Hadassah, the Women’s Zionist Organization of America, which operates two hospitals in Jerusalem, extended its best wishes to the new government, saying that its members in the United States are ready to support it.

“Israel’s leaders will undoubtedly continue to provide for the safety and security of her people, fight anti-Semitism, develop relationships with new allies and deepen the enduring U.S.-Israel relationship,” national president Rhoda Smolow said in a release. “Hadassah members in the United States stand ready to help draw our nations closer together, and to protect and strengthen Israel against threats from near and far.”

‘Respecting Israel as a democracy to make its own internal decisions’

Jürgen Bühler, president of the International Christian Embassy Jerusalem, released two letters—one to Israel’s new government and another to Netanyahu.

The letter to the new government offered congratulations to the respective leaders and reassured them that Christian support for Israel will remain strongly behind the Jewish state.

“There is much responsibility on your shoulders now, but we know you represent a new generation of forward-looking leaders who care deeply about Israel’s future. We hope and pray your government and cabinet will bring stability and success to the entire nation,” wrote Bühler. “We also want to reassure you and the Israeli people that Christian support for your nation is steadfast and anchored in timeless biblical principles. You can rely on us to always be responsible partners with Israel as we seek to make practical and constructive contributions to the safety and well-being of the whole nation, while respecting Israel as a democracy to make its own internal decisions.”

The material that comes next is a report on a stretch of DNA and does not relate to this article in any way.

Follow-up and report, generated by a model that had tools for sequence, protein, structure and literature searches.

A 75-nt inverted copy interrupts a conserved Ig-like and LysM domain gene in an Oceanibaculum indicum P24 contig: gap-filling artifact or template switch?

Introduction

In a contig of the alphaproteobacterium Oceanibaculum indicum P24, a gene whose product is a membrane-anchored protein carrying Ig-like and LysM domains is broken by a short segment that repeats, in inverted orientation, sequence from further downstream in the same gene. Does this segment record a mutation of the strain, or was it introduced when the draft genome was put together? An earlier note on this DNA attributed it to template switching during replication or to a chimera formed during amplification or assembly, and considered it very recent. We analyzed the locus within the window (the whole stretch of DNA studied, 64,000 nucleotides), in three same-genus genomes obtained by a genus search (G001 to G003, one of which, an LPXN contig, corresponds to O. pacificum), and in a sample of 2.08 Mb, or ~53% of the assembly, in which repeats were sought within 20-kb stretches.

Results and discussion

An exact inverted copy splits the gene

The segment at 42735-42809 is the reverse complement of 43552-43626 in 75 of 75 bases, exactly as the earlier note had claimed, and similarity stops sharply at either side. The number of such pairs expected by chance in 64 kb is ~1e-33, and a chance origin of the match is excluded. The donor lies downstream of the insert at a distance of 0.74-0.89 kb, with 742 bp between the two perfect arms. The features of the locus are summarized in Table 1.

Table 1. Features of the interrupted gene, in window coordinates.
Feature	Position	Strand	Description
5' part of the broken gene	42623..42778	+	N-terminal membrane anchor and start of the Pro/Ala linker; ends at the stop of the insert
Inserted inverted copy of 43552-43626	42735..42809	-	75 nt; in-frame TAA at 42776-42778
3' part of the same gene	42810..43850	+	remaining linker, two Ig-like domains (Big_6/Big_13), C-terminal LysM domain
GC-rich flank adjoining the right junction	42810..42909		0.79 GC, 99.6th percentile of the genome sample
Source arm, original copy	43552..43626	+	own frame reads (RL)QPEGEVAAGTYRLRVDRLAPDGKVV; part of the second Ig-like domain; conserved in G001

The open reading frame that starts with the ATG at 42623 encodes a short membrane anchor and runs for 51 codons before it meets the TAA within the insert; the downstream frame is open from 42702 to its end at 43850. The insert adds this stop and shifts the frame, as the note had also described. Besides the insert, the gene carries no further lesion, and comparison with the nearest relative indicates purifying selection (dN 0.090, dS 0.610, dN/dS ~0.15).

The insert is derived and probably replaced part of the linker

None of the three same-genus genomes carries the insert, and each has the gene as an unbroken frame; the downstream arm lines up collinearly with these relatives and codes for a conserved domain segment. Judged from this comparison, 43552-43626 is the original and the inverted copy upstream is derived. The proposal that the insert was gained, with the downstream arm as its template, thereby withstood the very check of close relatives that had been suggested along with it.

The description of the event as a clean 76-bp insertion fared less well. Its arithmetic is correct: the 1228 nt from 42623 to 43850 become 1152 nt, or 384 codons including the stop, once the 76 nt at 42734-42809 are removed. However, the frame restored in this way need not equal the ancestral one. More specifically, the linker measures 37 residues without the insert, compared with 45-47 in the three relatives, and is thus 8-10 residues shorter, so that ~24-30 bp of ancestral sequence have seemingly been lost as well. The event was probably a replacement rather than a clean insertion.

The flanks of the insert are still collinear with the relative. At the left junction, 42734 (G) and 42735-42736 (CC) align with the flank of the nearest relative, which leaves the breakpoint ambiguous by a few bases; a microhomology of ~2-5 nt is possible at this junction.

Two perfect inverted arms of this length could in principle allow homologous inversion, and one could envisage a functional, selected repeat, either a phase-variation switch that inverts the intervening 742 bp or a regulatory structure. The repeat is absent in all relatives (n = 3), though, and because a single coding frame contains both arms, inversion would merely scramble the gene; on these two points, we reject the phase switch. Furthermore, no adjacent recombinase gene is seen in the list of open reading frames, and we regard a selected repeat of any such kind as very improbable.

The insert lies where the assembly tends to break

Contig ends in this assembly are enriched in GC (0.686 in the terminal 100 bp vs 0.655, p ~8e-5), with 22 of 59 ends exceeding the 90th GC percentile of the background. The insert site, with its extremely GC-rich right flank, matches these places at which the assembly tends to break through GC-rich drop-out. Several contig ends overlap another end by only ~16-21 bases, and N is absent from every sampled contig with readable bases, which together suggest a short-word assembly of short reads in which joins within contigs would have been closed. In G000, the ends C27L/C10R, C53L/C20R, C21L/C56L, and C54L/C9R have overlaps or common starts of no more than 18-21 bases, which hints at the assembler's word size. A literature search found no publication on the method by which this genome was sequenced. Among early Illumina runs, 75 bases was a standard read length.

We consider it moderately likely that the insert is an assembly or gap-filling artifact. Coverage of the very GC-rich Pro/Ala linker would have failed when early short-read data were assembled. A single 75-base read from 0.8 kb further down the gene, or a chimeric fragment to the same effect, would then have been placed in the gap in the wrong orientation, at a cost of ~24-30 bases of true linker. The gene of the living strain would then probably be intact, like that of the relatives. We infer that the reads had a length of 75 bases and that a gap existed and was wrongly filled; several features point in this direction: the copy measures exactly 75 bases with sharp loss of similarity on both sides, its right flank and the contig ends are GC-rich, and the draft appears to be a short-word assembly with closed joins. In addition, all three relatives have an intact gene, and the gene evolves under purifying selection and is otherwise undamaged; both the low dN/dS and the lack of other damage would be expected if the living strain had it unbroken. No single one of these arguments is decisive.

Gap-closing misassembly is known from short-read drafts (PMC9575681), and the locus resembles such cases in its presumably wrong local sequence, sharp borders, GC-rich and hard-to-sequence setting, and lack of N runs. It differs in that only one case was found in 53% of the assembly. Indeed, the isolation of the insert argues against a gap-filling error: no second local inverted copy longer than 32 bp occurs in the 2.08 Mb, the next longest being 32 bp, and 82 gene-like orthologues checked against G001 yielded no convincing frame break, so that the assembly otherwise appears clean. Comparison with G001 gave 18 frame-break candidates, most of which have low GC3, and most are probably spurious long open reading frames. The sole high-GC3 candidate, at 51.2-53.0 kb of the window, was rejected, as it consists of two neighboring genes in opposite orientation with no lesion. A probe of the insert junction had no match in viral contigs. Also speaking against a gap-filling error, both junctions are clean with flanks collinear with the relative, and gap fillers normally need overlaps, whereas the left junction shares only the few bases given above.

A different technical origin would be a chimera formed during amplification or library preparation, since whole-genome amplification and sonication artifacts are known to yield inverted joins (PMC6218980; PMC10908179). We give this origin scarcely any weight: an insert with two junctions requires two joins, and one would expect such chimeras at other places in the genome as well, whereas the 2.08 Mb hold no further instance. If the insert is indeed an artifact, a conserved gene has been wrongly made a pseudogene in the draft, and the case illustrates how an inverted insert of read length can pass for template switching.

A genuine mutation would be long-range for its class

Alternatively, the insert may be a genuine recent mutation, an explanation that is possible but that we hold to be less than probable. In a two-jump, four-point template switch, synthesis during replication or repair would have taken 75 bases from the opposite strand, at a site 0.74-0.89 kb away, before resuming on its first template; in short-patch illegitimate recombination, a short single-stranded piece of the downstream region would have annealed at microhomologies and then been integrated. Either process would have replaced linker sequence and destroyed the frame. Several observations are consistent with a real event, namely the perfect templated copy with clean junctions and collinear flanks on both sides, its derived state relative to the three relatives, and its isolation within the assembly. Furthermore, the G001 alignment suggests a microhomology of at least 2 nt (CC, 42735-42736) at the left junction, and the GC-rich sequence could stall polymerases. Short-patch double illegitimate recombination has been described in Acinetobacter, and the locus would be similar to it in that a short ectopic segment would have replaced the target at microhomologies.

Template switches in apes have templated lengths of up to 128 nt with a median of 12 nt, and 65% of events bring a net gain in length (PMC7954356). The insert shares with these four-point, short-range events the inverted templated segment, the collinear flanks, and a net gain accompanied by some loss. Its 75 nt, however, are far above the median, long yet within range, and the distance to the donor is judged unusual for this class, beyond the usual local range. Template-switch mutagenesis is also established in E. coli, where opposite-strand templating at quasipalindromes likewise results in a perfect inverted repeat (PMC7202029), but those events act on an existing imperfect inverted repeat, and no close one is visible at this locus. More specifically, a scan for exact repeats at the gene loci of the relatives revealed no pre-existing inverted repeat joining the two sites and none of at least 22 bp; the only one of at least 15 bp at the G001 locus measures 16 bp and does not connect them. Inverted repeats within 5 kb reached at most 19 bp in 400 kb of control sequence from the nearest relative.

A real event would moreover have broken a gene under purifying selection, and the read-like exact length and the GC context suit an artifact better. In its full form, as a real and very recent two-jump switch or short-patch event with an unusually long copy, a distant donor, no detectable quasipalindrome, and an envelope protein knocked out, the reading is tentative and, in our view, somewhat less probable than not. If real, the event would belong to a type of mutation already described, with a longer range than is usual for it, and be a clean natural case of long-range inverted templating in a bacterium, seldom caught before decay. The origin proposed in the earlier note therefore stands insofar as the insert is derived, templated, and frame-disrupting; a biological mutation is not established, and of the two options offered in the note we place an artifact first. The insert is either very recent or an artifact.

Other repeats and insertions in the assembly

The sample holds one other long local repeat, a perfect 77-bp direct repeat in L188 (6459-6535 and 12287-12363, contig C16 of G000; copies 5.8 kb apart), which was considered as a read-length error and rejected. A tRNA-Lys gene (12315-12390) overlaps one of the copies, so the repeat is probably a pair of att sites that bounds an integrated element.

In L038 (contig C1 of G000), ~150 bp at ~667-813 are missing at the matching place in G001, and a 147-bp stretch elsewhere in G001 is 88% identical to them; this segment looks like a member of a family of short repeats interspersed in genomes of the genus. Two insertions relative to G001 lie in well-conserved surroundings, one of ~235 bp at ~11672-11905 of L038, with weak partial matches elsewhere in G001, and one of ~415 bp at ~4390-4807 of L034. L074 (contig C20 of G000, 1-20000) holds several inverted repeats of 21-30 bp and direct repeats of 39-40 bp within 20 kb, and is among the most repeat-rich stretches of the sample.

Not every organization, however, was bullish on a new Israeli coalition government.

The Zionist Organization of America and its national president, Morton A. Klein, expressed concern over the inclusion of the Arab nationalist party Ra’am and left-wing parties such as Meretz.

Klein spent the weeks before Sunday’s Knesset vote warning about the potential hazards of including Ra’am in the ruling government, saying in a news release and an op-ed that the Muslim Brotherhood-affiliated Ra’am was a “treasonous party.”

Ra’am, he said, openly opposed Israel as a Jewish state with Jerusalem as its capital, calls for the right of return for Palestinians, opposed the Abraham Accords and labels Zionism racism. Its members have also supported Hamas’s actions on numerous occasions, he said.